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From Middle English descriven, from Old French descrivre, from Latin dēscrībō (“I copy off, transcribe, sketch off, describe in painting or writing”), from dē (“off”) + scrībō (“write”); see scribe and shrive. Displaced native Old English āmearcian.
describe (third-person singular simple present describes, present participle describing, simple past and past participle described)
- (transitive) To represent in words.
- The feeling is difficult to describe, but not unpleasant.
- The geographer describes countries and cities.
- Several witnesses describe seeing lights in the sky that night.
- 2014 November 2, Daniel Taylor, “Sergio Agüero strike wins derby for Manchester City against 10-man United”, in guardian.co.uk:
- Yet the truth is that City would probably have been coasting by that point if the referee, Michael Oliver, had not turned down three separate penalties, at least two of which could be accurately described as certainties.
- 1959, Georgette Heyer, chapter 1, in The Unknown Ajax:
- […] his lordship was out of humour. That was the way Chollacombe described as knaggy an old gager as ever Charles had had the ill-fortune to serve. Stiff-rumped, that's what he was, always rubbing the rust, or riding grub, like he had been for months past.
- (transitive) To represent by drawing; to draw a plan of; to delineate; to trace or mark out.
- to describe a circle by the compasses; a torch waved about the head in such a way as to describe a circle
- 1826, James Fenimore Cooper, The Last of the Mohicans:
- Uncas described an arc in the water with his own blade, and as the canoe passed swiftly on, Chingachgook recovered his paddle, and flourishing it on high, he gave the war-whoop of the Mohicans.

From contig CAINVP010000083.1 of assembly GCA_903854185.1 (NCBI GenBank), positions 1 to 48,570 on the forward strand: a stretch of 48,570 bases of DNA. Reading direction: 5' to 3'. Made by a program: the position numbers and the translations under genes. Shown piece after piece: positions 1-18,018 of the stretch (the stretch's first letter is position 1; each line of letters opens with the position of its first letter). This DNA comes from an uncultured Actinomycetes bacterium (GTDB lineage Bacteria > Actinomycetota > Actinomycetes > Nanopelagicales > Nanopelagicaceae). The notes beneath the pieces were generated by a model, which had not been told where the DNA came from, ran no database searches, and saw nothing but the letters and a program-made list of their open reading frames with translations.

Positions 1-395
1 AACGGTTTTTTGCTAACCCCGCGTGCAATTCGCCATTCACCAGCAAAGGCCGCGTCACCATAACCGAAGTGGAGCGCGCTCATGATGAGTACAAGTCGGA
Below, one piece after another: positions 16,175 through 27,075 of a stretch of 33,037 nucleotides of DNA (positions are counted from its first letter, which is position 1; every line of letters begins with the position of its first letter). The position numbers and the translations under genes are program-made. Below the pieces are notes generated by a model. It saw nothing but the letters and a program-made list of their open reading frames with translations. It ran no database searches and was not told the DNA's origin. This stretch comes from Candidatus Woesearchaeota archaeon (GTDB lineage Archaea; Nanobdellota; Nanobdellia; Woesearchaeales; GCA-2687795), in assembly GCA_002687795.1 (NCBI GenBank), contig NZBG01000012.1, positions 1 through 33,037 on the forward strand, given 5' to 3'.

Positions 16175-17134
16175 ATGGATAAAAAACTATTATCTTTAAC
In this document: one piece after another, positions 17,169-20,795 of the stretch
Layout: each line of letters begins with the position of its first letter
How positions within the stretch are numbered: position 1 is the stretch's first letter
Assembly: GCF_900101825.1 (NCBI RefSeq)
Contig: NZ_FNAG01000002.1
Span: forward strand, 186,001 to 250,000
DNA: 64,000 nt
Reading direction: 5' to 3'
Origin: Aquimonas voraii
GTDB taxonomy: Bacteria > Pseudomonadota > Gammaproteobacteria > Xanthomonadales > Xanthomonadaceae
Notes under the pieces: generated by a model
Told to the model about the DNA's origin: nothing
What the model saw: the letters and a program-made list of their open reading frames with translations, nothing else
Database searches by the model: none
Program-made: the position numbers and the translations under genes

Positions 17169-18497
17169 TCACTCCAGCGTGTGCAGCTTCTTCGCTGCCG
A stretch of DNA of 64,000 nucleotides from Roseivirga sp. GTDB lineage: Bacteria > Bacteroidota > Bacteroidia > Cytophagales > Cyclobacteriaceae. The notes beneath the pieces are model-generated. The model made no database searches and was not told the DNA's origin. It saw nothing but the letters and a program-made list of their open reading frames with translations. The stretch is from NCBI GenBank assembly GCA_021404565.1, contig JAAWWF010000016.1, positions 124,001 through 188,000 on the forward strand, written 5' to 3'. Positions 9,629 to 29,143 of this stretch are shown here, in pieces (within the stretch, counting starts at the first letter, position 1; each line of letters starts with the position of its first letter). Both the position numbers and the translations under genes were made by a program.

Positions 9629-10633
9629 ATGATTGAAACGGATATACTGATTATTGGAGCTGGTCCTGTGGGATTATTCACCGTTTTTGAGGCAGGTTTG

- 1906, James George Frazer, Adonis, Attis, Osiris, volume 2, page 146:
- His body was contracted and bent towards them, and described an undulatory movement like that of a worm writhing.
- (transitive, mathematics) To give rise to a geometrical structure.
- The function describes a very complex surface.
- (transitive, taxonomy) To introduce a new taxon to science by explaining its characteristics and particularly how it differs from other taxa.
- The fungus was first described by a botanist.
- (obsolete) To distribute into parts, groups, or classes; to mark off; to class.
- 1611, The Holy Bible, […] (King James Version), London: […] Robert Barker, […], →OCLC, Joshua 18:9:
- Passed through the land, and described it by cities into seven parts in a book.
- (to represent in words): portray, betell, depict, report; see also Thesaurus:describe
- (to represent in writing): bewrite
to represent in words
to give rise to a geometrical structure
- The translations below need to be checked and inserted above into the appropriate translation tables. See instructions at Wiktionary:Entry layout § Translations.
Translations to be checked
- “describe”, in Webster’s Revised Unabridged Dictionary, Springfield, Mass.: G. & C. Merriam, 1913, →OCLC.
- “describe”, in The Century Dictionary […], New York, N.Y.: The Century Co., 1911, →OCLC.
describe (third-person singular simple present describes, present participle describin, simple past describit, past participle describit)
- to describe
- inflection of describir:
- English terms derived from Proto-Indo-European
- English terms derived from the Proto-Indo-European root *(s)kreybʰ-
- English terms derived from Middle English
- English terms derived from Old French
- English terms derived from Latin
- English 2-syllable words
- English terms with IPA pronunciation
- English terms with audio links
- Rhymes:English/aɪb/2 syllables
- English lemmas
- English verbs
- English transitive verbs
- English terms with usage examples
- English terms with quotations
- English terms with obsolete senses
- Latin non-lemma forms
- Latin verb forms
- Scots terms derived from English
- Scots lemmas
- Scots verbs
- Spanish non-lemma forms
- Spanish verb forms